Realized Gain

What is a 'Realized Gain'

A realized gain is a gain resulting from selling an asset at a price higher than the original purchase price. Realized gain occurs when an asset is disbursed at a level that exceeds its cost of book value. While an asset may be carried on a balance sheet at a level far above cost, any gains while the asset is still being held would be considered unrealized, as the asset is only being valued at a fair market value.

BREAKING DOWN 'Realized Gain'

Once an asset that is being held on the books at an unrealized gain is sold for a realized profit, a firm will predictably see an increase in its current assets and a gain from sale. Such a gain may lead to an increased tax burden, since realized gains from sales are typically taxable income. This is one drawback of turning an unrealized "paper" gain into a realized gain.

RELATED TERMS
  1. Realized Loss

    A loss is recognized when assets are sold for a price lower than ...
  2. Unrealized Gain

    A profit that exists on paper, resulting from any type of investment. ...
  3. Capital Gain

    1. An increase in the value of a capital asset (investment or ...
  4. Gain

    An increase in the value of an asset or property. A gain arises ...
  5. Unrealized Loss

    A loss that results from holding onto an asset after it has decreased ...
  6. Return On Capital Gains

    The return that one gets from an increase in the value of a capital ...
Related Articles
  1. Investing Basics

    Explaining Unrealized Gain

    An unrealized gain occurs when the current price of a security exceeds the price an investor paid for the security.
  2. Investing Basics

    Understanding the Capital Gains Tax

    A capital gains tax is imposed on the profits realized when an investor or corporation sells an asset for a higher price than its purchase price.
  3. Professionals

    Balance Sheet Components - Marketable & Nonmarketable Instruments

    CFA Level 1 - Balance Sheet Components - Liabilities. Learn about the different types of liabilities. A top down approach into the components of long-term and current liabilities.
  4. Term

    What's Accumulated Other Comprehensive Income?

    Accumulated other comprehensive income lists gains and losses a firm has yet to settle.
  5. Economics

    Calculating Net Realizable Value

    An asset’s net realizable value is the amount a company should expect to receive once it sells or disposes of that asset, minus costs from its disposal.
  6. Savings

    Assessing Bank Assets: Are Your Savings Safe?

    Learn how to determine if your assets are safe or if your bank has spread itself too thin.
  7. Economics

    Understanding Carrying Value

    Carrying value is the value of an asset as listed on a company’s balance sheet. Carrying value is the same as book value.
  8. Professionals

    Balance Sheet Components - Assets

    CFA Level 1 - Balance Sheet Components - Assets. Learn about the different types of assets. A top down approach into the components of long-term and current assets.
  9. Investing

    Understanding Capital Gains

    Capital gain refers to the increase in value of a capital asset or an investment security upon sale. In other words, if you buy company stock, real estate or fine art and then sell it for more ...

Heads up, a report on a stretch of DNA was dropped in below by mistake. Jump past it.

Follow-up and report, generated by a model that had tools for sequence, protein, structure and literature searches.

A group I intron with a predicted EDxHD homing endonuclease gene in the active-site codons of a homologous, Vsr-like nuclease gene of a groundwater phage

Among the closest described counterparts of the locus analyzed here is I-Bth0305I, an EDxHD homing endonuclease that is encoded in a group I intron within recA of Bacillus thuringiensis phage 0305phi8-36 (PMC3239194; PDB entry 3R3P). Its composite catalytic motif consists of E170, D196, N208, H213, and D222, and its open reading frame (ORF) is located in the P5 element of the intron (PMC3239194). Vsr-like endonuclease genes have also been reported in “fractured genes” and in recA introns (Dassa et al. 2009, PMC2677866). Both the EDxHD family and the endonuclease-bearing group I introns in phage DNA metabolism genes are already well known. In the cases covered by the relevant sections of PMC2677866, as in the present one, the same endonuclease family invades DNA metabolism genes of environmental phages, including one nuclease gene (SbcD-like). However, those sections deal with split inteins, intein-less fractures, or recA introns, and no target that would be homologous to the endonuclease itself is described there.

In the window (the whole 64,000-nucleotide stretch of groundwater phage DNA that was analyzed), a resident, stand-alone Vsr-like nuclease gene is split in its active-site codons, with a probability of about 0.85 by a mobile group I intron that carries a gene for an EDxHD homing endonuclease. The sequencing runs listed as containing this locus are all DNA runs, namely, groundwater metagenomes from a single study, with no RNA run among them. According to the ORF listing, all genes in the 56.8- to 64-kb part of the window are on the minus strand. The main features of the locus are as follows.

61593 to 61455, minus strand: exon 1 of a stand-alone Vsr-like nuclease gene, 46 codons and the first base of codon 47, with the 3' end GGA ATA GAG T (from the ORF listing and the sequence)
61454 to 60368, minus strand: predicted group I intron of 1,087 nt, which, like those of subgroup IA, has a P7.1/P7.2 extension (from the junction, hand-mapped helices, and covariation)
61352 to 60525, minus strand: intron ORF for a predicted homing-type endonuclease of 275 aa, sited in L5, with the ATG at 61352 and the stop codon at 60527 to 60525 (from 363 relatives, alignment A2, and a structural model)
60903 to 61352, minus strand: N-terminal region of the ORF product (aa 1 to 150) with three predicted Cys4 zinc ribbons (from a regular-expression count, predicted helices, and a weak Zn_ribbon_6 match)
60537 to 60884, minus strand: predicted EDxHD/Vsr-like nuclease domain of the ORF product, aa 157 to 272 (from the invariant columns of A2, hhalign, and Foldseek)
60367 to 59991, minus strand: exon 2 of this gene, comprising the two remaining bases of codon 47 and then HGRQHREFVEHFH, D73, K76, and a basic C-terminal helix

10. Fundamental Analysis

    The Market Value Versus Book Value

    Understanding the difference between book value and market value is a simple yet fundamentally critical component to analyze a company for investment.
RELATED FAQS
  1. What are unrealized gains and losses?

    An unrealized loss occurs when a stock decreases after an investor buys it, but he or she has yet to sell it. If a large ... Read Answer >>
  2. How are realized profits different from unrealized or so-called "paper" profits?

    When buying and selling assets for profit, it is important for investors to differentiate between realized profits and gains, ... Read Answer >>
  3. What is the difference between carrying value and fair value?

    Learn about the carrying value and fair value of assets and liabilities, what the carrying and fair value measure and the ... Read Answer >>
  4. What is the difference between carrying value and market value?

    Understand the difference between carrying value and market value. Learn when a company uses carrying value to value an asset ... Read Answer >>
  5. How do you write off impaired assets from the financial statement?

    Learn what an impaired asset is and how it effects a company's financial statements. Understand how an accountant writes ... Read Answer >>
  6. What is the difference between book value and carrying value

    Dig deeper into the definitions of carrying value and book value, and learn to differentiate between their various financial ... Read Answer >>
Hot Definitions
  1. Law Of Demand

    A microeconomic law that states that, all other factors being equal, as the price of a good or service increases, consumer ...
  2. Cost Of Debt

    The effective rate that a company pays on its current debt. This can be measured in either before- or after-tax returns; ...
  3. Yield Curve

    A line that plots the interest rates, at a set point in time, of bonds having equal credit quality, but differing maturity ...
  4. Stop-Limit Order

    An order placed with a broker that combines the features of stop order with those of a limit order. A stop-limit order will ...
  5. Keynesian Economics

    An economic theory of total spending in the economy and its effects on output and inflation. Keynesian economics was developed ...
  6. Society for Worldwide Interbank Financial Telecommunications ...

    A member-owned cooperative that provides safe and secure financial transactions for its members. Established in 1973, the ...
Trading Center